The interaction between religion and culture is almost impenetrably complex. I wrote about this years ago in an essay about traditional Australian Aboriginal religion/culture, in which it’s reasonable to say that religion is culture and culture is religion. In such a setting, apostasy would be meaningless or impossible – essentially a denial of one’s own identity. Having said that, if your religion, via one of its principal texts, tells you that apostasy is punishable by death, you’ve already got a yawning separation between religion and cultural identity – the very reason for the excessive threat of punishment is to desperately try to plug that gap. It’s like the desperate cry of a father – ‘you’ll never amount to anything without me!’ – as the son walks out the door for the last time.

These major religions – Judaism, Islam and Christianity – are embedded in texts that are embedded in culture. Different, varied texts interacting complexly – reinforcing, challenging, altering the culture from whence they sprung. Differently. Judaism’s major text, always arguably, is the Torah. Christianity’s is the New Testament, or is it the gospels? Islamic scholars – but also those believers who rarely ever read the sacred texts – will argue about which texts are most important and why. Nevertheless, Judaism, Christianity and Islam all have a different feel to them from each other, even given the enormous variation within each religion. Judaism is profoundly insular, with its chosen people uniquely flayed by their demanding, unforgiving god. Christianity is profoundly other-worldly with its obsession with the saviour, the saved, the end of days, the kingdom to come, the soul struggling for release, not to mention sin sin sin. Islam, a harsh, desert religion, somehow even more than the other two, is about denial, control, submission, and jihad in all its complex and contradictory manifestations and interpretations. The status of women in each religion, in a general sense, is different. Christianity gives women the most ‘wriggle-room’ from the start, but its interaction with the different cultures captured by the religion can sometimes open up that space, or close it down. The New Testament presents a patriarchal culture of course, but in the gospels women aren’t given too bad a rap. Paul of Tarsus notoriously displays some misogyny elsewhere in the NT, but it isn’t particularly specific and no detailed restrictions on women’s freedom are presented. More importantly, the dynamism of western culture has blown away many attempts to maintain the restrictions on women’s freedom dictated by Christian dogma – pace the Catholic Church. In any case, Christianity has no equivalent to Sharia Law, with its deity-given restrictions and overall fearfulness of the freedom and power of women. And neither Christianity nor Islam has the obsession with ritual and with interpretation of the deity’s very peculiar requirements that orthodox Judaism has.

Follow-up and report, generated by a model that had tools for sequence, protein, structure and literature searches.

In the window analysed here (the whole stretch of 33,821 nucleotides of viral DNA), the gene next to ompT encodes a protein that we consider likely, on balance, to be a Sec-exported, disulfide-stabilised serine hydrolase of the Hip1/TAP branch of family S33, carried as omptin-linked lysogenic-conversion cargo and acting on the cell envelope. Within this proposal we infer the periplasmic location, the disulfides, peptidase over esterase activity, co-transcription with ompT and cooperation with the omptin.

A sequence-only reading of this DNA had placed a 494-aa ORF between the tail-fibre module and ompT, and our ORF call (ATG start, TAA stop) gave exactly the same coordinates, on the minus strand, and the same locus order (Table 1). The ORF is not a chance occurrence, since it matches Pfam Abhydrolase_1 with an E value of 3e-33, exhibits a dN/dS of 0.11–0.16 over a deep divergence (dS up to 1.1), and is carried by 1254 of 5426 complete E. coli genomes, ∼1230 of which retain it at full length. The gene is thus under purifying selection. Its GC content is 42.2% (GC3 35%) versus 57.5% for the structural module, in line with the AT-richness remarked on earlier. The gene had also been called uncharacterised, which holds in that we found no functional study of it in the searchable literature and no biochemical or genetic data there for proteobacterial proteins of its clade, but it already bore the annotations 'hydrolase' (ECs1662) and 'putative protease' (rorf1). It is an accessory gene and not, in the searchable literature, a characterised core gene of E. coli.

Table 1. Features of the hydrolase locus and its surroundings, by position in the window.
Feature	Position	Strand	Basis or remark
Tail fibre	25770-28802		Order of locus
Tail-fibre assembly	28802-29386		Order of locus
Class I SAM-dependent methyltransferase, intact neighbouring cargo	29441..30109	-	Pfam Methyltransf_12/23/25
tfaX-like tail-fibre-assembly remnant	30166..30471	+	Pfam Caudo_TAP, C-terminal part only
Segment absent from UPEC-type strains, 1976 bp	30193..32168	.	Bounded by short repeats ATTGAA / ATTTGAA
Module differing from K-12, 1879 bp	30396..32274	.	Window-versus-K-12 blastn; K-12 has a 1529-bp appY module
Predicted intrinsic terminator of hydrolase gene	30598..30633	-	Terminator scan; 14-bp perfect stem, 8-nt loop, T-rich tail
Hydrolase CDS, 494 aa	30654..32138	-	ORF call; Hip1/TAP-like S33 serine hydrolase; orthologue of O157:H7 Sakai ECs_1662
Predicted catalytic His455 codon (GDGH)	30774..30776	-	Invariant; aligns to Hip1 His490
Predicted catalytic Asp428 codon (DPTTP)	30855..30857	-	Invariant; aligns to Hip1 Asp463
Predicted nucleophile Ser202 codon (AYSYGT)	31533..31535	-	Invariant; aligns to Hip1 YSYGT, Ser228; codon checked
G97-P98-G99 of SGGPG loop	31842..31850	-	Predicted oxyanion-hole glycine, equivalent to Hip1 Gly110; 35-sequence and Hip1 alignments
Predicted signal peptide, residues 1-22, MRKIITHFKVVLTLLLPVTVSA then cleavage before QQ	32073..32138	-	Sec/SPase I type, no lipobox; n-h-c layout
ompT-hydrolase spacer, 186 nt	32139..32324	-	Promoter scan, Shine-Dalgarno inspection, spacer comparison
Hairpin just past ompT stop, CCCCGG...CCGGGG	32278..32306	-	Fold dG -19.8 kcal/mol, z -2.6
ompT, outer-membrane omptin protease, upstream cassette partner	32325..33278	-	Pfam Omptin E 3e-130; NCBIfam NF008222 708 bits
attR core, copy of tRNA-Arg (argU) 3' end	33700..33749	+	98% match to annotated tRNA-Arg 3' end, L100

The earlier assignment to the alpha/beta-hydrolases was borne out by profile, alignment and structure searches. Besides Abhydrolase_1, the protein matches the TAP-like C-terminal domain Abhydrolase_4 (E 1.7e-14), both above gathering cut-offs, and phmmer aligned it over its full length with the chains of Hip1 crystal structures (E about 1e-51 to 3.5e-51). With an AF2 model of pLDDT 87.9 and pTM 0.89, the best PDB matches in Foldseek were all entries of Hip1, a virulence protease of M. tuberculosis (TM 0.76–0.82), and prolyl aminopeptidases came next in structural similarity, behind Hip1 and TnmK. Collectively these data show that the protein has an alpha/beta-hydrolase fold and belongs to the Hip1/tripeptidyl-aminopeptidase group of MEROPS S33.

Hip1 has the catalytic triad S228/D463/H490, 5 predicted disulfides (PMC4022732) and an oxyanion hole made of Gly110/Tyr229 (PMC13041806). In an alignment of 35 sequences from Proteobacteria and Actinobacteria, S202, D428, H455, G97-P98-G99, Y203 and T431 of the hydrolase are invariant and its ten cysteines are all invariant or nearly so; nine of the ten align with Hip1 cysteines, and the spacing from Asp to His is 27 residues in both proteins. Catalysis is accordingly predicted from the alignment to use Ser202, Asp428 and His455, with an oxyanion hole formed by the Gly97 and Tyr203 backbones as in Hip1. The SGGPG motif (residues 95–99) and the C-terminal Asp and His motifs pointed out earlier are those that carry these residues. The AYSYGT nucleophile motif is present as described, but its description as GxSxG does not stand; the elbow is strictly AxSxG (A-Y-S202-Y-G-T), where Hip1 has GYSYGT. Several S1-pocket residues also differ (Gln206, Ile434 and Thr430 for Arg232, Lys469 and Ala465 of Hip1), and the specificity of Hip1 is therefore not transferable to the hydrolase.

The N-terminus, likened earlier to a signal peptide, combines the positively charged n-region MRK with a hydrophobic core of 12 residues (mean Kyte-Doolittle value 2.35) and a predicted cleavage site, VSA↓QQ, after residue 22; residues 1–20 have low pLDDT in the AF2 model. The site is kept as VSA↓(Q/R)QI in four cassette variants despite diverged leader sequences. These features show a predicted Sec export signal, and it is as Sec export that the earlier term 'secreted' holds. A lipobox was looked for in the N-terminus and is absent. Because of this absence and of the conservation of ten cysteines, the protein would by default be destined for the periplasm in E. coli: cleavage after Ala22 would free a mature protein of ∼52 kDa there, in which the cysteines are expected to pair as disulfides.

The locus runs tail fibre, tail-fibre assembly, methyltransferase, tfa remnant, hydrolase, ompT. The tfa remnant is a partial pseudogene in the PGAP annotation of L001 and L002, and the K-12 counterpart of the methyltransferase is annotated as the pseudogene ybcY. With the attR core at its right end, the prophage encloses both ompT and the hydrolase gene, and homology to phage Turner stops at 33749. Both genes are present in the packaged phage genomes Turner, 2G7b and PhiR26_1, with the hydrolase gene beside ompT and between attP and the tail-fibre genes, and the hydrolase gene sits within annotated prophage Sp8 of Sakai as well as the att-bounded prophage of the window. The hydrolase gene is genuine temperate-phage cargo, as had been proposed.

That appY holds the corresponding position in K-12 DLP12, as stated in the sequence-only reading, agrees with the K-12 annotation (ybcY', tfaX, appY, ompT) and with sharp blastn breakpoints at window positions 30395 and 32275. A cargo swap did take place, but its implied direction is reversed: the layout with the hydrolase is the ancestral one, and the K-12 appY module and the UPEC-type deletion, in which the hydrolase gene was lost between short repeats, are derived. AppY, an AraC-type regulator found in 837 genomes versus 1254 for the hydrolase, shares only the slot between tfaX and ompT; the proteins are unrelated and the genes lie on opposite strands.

To return, though, to Atran. He argues that the reason the big religions survive and thrive is precisely due to their lack of fixed propositions – which is why, he says, that we need sermons to continually update and modernise the interpretations of texts, parables, suras and the like. I’m not sure if the Khutbas of Moslem Imams serve the same purpose as priests’ sermons, but I generally agree with Atran here. The point, of course, is that though there is much leeway for interpretation, there are still boundaries, and the boundaries are different for Islam compared to Christianity, etc.

What follows is my analysis of what Atran has to say about what are, in fact, very complex and contentious matters relating to religion and social existence. Whole books could be, and of course are, devoted to this, so I’ll try not to get too bogged down. I’m using my own transcript of Atran’s interview with Mooney, slightly edited. Occasionally I can’t quite make out what Atran is saying, as he sometimes talks softly and rapidly, but I’ll do my best.

So, after his slightly over-simplified claim that these big religions are ‘neutral vessels’, Atran goes on with his definition. These religions are: